A funny Thing Happened on the Way to Davokar

My local friend group got back together to play in person. We decided on Symbaroum, which I know some folks have bounced (hard) off of. Like any hard-headed gamer I of course had to make my own mind up. I am going to talk about my prep and such, but I do not want to bury the lead. Something wonderful happened in and around play.

I am the hardest core of the rpg’ers in this group. Everyone enjoys the experience but mostly uses it as a reason to socialize with their people. Now that does not mean that play is (always) sacrificed, but I admit sometimes we are rolling dice, but not actually playing. Some of these folks were part of the Star Trek Adventures game I mentioned a couple years ago? I still had some feelings about it, but not enough to wreck trying again with another game. I noticed, and perhaps failed to notice in previous games, that they were starting to take better ownership of their part in the games.

Out of the blue, they started talking the STA game. They expressed their feelings, took responsibility for what they perceived as their own missteps. And not just as friends might when they realize they may have ruined an experience, but about the game and how they approached it. This was encouraging as I had not brought up the game nor intended to. And I shut my mouth and listened, letting them talk about their perspectives as we prepared for Symbaroum.

This engagement continued. They helped each other with character creation and did not ask my help finding a rule if they could find itself. They helped me with some details as I fleshed out prep. We got into the game, and they were pro-active about getting into the situation. Only three of the four players were there but at one point, the character playing the Treasure Hunter said that they should look for a Witch to join their venture. The fourth player is playing a Witch. Yes, a little meta-gaming but it kept me from having to create a situation to add the character. They are actively seeking the fourth character in the fiction.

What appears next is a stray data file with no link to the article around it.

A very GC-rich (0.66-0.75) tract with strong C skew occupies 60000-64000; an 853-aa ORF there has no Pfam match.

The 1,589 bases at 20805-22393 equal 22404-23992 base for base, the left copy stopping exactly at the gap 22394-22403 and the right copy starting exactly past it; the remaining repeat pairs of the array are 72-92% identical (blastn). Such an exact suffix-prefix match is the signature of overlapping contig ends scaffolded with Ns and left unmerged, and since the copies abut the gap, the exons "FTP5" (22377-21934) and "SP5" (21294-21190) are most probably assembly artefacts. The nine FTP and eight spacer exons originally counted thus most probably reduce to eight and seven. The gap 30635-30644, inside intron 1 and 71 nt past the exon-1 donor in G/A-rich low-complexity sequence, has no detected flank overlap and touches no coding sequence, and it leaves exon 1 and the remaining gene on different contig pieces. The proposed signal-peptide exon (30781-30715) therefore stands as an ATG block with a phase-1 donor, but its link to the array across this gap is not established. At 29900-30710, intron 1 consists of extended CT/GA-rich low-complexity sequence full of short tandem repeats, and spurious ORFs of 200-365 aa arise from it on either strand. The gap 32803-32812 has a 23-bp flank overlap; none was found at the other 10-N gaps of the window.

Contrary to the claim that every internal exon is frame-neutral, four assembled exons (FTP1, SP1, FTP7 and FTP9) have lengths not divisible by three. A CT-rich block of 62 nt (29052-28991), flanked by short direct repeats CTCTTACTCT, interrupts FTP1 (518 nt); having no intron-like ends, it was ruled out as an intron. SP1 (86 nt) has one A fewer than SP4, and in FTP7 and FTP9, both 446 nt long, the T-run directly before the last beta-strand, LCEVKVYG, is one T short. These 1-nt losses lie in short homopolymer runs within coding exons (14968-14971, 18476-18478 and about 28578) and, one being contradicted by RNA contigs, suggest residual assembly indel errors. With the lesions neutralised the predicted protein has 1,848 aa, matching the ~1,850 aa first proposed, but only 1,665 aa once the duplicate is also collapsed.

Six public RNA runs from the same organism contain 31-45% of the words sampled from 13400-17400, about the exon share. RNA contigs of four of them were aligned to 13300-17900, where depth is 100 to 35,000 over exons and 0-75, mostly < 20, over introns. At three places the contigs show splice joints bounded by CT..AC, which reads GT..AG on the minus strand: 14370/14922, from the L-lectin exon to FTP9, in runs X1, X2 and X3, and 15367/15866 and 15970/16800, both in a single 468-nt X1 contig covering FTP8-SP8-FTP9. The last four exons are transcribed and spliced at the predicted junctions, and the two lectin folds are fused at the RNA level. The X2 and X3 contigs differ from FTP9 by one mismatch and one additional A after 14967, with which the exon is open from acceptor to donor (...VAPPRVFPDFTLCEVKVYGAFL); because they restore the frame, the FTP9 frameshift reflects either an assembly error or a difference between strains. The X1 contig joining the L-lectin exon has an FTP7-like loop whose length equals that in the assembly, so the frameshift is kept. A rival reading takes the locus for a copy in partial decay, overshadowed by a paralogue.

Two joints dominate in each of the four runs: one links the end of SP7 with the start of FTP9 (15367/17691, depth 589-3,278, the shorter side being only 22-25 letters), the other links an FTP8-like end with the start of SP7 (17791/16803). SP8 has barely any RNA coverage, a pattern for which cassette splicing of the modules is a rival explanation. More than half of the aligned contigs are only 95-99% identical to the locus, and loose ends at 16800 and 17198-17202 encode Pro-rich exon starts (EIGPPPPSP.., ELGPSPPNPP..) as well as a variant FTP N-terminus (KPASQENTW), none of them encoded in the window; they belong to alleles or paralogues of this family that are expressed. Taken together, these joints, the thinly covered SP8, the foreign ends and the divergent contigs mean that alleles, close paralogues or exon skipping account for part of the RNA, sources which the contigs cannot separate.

It may be hard to quantify, but these players were trying to play, not just socialize. And the low stress nature of the session reflected that.

Characters. All the characters are human-barbarians, save one who is a changeling.

  • Roha (changeling – berserker archetype)
  • Anamara (human – treasure hunter archetype)
  • Jan (human – sell sword archetype)
  • Unknown (human – witch archetype) – player could not make it

They are not all from the same clan but had run across one another previously.

Prep. My prep for the first session was basic.

  • They are at the spring moot with all the clans attending
  • One treasure hunter is looking to see if their piece of pottery is from Symbaroum or not. No one really likes this guy.
  • Some trolls will attack as night falls, trolls who have run afoul of elves and Ambrians (humans from the south) previously. They are looking for a fight.

And that was it. I had a few names written down depending on which way it went. And I was reminded changelings might not be as welcome here, so I had to create a bit of a changeling campsite where Roha had camped with other changelings. But that was it.

Play. The session was short, we played for around 2 hours. The NPC treasure hunter approached Anamara and Anamara made a lore roll. She discovered it was indeed genuine but lied to the NPC (Braraga) and once he was out of earshot the three companions started digging for more information. They found enough to wet their appetites but did not pursue all the possible avenues of information, which was fine. This took up some time and then the trolls attacked.

Combat can be deadly in Symbaroum. Especially with monsters that use static damage numbers and static armor numbers. That said, Roha cleaved the hell out of the first troll. Then three troll friends showed up and things were dicey. Anamara did go down and the remaining characters with the help of a number of clans folk brought down the remaining trolls. Anamara survived her ordeal.

This was a good beginning. It was strange as the GM to not be rolling any dice and we had to do the math for rolls a few times. I think we may have missed a couple things, but that will smoothed out as we go. The players seem engaged with the fiction but also the system. I realize I might have done a bit more prep but subconsciously was waiting for a negative experience. Well the experience was quite the opposite.

3 responses to “A funny Thing Happened on the Way to Davokar”

  1. Relaxation and reincorporation